Skin Reactions

Increased Sensitivity to Sunlight (Photosensitivity)

Some cancer medications can increase skin’s sensitivity to light, known as photosensitivity. The combination of sunlight and certain medications or substances often leads to skin inflammation and redness, similar to a sunburn.

If your doctor indicates that photosensitivity could be a side effect of your cancer treatment, you should protect yourself from the sun by using sunscreen and wearing protective clothing when you go out into the sunlight. If your skin is already red and painful, your doctor may prescribe a topical corticosteroid and recommend anti-inflammatory medications, such as ibuprofen or naproxen.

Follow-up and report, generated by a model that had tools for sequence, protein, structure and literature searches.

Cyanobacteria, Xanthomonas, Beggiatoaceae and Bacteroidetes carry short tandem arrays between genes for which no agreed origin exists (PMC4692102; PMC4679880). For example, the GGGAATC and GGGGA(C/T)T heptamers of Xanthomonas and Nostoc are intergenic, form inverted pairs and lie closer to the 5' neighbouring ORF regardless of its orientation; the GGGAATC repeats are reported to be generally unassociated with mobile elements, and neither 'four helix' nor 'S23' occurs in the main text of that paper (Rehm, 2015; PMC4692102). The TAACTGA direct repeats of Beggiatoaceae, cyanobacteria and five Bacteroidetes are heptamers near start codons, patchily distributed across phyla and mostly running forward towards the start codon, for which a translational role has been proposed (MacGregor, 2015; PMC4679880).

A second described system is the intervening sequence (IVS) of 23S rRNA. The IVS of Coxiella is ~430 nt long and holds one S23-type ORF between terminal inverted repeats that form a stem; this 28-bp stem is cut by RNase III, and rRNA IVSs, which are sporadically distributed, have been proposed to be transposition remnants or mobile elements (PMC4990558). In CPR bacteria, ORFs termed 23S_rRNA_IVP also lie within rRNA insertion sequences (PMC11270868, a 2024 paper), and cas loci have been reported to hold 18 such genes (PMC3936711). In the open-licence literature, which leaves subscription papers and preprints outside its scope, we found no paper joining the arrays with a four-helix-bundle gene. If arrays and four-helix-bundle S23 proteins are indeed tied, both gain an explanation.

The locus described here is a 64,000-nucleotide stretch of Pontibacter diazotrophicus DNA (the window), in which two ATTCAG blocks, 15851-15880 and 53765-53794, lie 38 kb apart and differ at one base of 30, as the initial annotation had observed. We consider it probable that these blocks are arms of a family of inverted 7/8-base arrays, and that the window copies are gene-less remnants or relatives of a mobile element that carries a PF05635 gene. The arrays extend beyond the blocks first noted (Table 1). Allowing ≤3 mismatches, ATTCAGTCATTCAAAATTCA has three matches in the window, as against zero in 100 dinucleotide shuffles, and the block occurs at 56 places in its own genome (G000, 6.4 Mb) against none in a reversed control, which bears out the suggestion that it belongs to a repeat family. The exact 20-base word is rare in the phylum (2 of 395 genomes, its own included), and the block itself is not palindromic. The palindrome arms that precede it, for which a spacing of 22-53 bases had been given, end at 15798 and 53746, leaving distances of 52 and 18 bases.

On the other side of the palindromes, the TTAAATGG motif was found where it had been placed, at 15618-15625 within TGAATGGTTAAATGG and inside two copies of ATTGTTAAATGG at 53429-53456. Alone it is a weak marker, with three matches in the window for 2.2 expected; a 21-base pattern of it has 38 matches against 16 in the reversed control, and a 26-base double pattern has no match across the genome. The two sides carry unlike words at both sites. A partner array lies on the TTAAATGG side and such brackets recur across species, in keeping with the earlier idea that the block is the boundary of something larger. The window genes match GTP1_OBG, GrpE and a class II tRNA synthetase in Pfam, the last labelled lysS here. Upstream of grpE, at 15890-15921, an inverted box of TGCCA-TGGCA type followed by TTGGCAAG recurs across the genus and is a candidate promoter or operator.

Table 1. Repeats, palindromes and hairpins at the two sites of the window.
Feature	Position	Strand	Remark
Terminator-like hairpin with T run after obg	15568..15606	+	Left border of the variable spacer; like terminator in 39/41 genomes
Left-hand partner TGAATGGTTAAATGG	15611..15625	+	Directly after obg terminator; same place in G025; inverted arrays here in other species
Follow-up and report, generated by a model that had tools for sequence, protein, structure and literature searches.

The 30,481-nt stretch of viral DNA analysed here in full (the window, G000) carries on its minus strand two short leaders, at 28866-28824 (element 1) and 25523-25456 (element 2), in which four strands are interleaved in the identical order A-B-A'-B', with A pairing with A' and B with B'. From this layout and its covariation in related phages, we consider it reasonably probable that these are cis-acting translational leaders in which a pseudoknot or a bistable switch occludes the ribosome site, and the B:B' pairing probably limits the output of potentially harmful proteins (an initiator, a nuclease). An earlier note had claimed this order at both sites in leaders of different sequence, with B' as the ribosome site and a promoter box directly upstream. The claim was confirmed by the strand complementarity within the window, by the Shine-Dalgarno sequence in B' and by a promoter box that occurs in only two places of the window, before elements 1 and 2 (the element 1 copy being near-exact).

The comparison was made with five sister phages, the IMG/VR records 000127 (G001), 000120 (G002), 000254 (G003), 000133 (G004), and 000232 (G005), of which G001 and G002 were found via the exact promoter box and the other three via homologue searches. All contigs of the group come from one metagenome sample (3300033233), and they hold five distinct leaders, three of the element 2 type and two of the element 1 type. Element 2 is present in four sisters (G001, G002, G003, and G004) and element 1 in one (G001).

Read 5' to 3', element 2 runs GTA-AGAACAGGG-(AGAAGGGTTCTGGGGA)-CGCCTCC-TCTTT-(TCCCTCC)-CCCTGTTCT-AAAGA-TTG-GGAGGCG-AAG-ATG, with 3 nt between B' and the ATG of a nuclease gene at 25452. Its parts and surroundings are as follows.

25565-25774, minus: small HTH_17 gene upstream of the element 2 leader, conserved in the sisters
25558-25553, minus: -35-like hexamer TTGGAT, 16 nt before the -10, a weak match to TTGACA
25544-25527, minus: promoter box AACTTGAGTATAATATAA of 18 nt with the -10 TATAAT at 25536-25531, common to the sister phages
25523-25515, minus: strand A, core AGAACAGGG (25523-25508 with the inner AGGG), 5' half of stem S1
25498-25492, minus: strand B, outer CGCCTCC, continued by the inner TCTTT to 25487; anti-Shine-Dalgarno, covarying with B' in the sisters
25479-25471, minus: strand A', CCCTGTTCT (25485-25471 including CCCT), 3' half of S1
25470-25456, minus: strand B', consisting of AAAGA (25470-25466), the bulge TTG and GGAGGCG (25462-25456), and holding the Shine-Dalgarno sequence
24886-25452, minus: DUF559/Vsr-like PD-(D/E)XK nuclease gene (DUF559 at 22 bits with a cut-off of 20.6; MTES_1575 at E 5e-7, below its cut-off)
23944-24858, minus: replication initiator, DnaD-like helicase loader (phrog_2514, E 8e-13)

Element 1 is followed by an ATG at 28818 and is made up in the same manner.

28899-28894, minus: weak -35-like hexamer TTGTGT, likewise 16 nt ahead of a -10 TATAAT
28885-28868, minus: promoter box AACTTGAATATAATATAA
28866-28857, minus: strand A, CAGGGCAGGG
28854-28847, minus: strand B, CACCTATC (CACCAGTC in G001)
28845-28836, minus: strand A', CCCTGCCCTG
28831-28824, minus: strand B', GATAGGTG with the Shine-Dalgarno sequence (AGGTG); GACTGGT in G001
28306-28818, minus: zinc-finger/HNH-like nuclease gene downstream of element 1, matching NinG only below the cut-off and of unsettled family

Physical sunscreens are the best protection from the sun. They have millions of particles of minerals that act like mirrors to reflect the sun’s rays. Use a broad-spectrum sunscreen with a sun protection factor (SPF) of at least 15, and look for titanium dioxide or zinc oxide on the label of the bottle. Apply it generously (about an ounce for the entire body) over exposed areas every two hours—more frequently if you are swimming or sweating.

Medications associated with photosensitivity:

  • capecitabine (Xeloda)
  • cetuximab (Erbitux)
  • docetaxel (Taxotere)
  • doxorubicin (Adriamycin, Doxil)
  • eribulin (Halaven)
  • erlotinib (Tarceva)
  • lapatinib (Tykerb)
  • paclitaxel (Taxol, Abraxane)
  • panitumumab (Vectibix)

 

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